Pre-eclampsia is a condition that affects up to 4% of women during pregnancy, and up to 8% of women during their lifetime. It includes high blood pressure (hypertension) and damage to a number of her body’s organ systems, and remains one of the two main causes of death for pregnant and recently-pregnant women worldwide — about 46,000 young women a year. Up to half a million women lose their babies to pre-eclampsia every year.
In this invited review, researchers from King’s College London Professor Laura Magee, Professor Kypros Nicolaides, and Professor Peter von Dadelszen, have provided a state-of-the-art summary of current knowledge of, and best practises for caring for women with, pre-eclampsia. This review also consists of significant findings published within the past five years.
There are important insights into how pre-eclampsia develops, how best to identify women at risk and how to respond to those risks to prevent pre-eclampsia, how to diagnose pre-eclampsia and provide ongoing care — including assessing risks and reducing those risks by controlling blood pressure and timing birth, and how to provide follow-up to women if they have had pre-eclampsia.
The findings are particularly significant for pregnant women living in low-economically developed countries.
Lead author, Professor Laura Magee from King’s College London, who is the co-president of the International Society for the Study of Hypertension in Pregnancy, states, “In this review of advances in our knowledge over the past five years, we have focussed on individualising the care of women with pre-eclampsia by carefully integrating concepts concerning the prediction, prevention, diagnosis, and management of pre-eclampsia during pregnancy and in the long term.”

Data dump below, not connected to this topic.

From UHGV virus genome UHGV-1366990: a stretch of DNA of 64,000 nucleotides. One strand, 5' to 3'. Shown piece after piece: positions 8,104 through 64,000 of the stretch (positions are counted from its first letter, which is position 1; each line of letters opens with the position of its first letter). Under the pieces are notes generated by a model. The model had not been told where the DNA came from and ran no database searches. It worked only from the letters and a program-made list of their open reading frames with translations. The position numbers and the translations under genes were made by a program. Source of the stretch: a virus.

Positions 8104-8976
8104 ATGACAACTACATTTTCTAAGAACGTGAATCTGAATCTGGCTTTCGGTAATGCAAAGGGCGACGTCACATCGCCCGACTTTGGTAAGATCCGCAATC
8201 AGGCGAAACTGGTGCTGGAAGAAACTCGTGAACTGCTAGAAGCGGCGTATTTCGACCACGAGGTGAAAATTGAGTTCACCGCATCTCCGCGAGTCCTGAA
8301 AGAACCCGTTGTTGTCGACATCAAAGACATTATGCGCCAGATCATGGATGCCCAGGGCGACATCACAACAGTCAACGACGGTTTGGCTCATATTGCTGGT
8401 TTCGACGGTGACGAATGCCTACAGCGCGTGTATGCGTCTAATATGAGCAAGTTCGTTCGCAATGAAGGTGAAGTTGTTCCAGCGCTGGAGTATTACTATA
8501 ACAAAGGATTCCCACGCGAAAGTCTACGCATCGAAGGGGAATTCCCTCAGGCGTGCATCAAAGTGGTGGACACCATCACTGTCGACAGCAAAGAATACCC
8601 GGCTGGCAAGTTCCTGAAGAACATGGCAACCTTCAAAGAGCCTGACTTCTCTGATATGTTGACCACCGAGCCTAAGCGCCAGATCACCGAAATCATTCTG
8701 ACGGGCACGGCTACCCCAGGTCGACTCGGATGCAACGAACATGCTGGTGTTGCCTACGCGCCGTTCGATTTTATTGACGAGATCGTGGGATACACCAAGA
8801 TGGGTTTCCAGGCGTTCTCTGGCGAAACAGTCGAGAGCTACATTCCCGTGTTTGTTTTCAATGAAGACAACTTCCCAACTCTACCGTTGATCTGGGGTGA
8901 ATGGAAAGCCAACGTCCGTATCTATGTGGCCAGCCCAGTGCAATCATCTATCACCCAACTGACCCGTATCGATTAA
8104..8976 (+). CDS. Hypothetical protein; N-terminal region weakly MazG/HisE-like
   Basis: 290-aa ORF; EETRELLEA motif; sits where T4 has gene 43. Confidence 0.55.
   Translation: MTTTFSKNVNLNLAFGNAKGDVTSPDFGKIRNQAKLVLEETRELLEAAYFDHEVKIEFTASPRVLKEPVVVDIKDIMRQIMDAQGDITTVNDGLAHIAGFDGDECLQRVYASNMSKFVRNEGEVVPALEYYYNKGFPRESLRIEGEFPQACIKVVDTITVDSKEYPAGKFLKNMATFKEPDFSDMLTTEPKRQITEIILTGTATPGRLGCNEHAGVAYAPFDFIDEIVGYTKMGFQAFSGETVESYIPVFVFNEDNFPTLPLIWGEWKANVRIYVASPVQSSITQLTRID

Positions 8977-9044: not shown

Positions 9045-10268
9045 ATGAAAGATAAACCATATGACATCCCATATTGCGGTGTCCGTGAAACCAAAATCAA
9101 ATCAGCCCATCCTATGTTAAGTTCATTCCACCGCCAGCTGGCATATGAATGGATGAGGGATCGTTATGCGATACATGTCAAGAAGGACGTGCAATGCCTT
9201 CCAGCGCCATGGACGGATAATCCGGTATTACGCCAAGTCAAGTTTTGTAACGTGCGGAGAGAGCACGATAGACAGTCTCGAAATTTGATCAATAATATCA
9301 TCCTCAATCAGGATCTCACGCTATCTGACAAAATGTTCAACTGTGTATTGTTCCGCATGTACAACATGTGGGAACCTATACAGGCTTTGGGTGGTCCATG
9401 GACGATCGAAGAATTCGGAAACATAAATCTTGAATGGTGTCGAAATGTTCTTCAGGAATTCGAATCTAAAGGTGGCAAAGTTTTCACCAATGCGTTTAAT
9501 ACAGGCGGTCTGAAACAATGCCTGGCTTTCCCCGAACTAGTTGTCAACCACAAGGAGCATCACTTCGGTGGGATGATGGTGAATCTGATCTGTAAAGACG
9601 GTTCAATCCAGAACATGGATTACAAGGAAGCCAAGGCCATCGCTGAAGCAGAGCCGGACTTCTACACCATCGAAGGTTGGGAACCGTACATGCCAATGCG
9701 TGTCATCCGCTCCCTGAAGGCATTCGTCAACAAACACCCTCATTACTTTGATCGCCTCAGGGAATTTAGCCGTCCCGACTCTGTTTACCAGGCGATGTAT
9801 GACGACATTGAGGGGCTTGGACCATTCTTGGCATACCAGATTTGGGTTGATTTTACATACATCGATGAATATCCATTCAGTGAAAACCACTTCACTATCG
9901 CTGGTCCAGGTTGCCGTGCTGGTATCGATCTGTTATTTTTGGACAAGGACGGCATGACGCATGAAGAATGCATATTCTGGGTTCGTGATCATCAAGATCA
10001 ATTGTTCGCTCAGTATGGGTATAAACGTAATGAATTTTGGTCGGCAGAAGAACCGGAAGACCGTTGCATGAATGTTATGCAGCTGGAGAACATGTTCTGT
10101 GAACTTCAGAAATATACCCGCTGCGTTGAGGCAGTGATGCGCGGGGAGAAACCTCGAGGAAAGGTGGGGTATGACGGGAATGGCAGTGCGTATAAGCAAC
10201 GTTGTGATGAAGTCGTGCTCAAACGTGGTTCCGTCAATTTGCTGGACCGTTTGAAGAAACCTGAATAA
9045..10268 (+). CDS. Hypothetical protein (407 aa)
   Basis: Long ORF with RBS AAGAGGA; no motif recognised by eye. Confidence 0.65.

Senior author, Peter von Dadelszen from King’s College London, said: “This paper is very timely for two reasons. First, this is World Pre-eclampsia Month — a time during which we focus our attention on this dangerous condition. Second, the paper emphasises the particular risks borne by pregnant women living in, or having immigrated from, less-developed countries — more than 99% of related mum and baby deaths occur in less-developed countries.”
Renowned King’s College London obstetrician and scientist, Professor Kypros Nicolaides added: “The future is bright. We are confident that current research should provide new insights into sub-types of pre-eclampsia, improve its prediction and management, and enable individualised care during and after pregnancy.”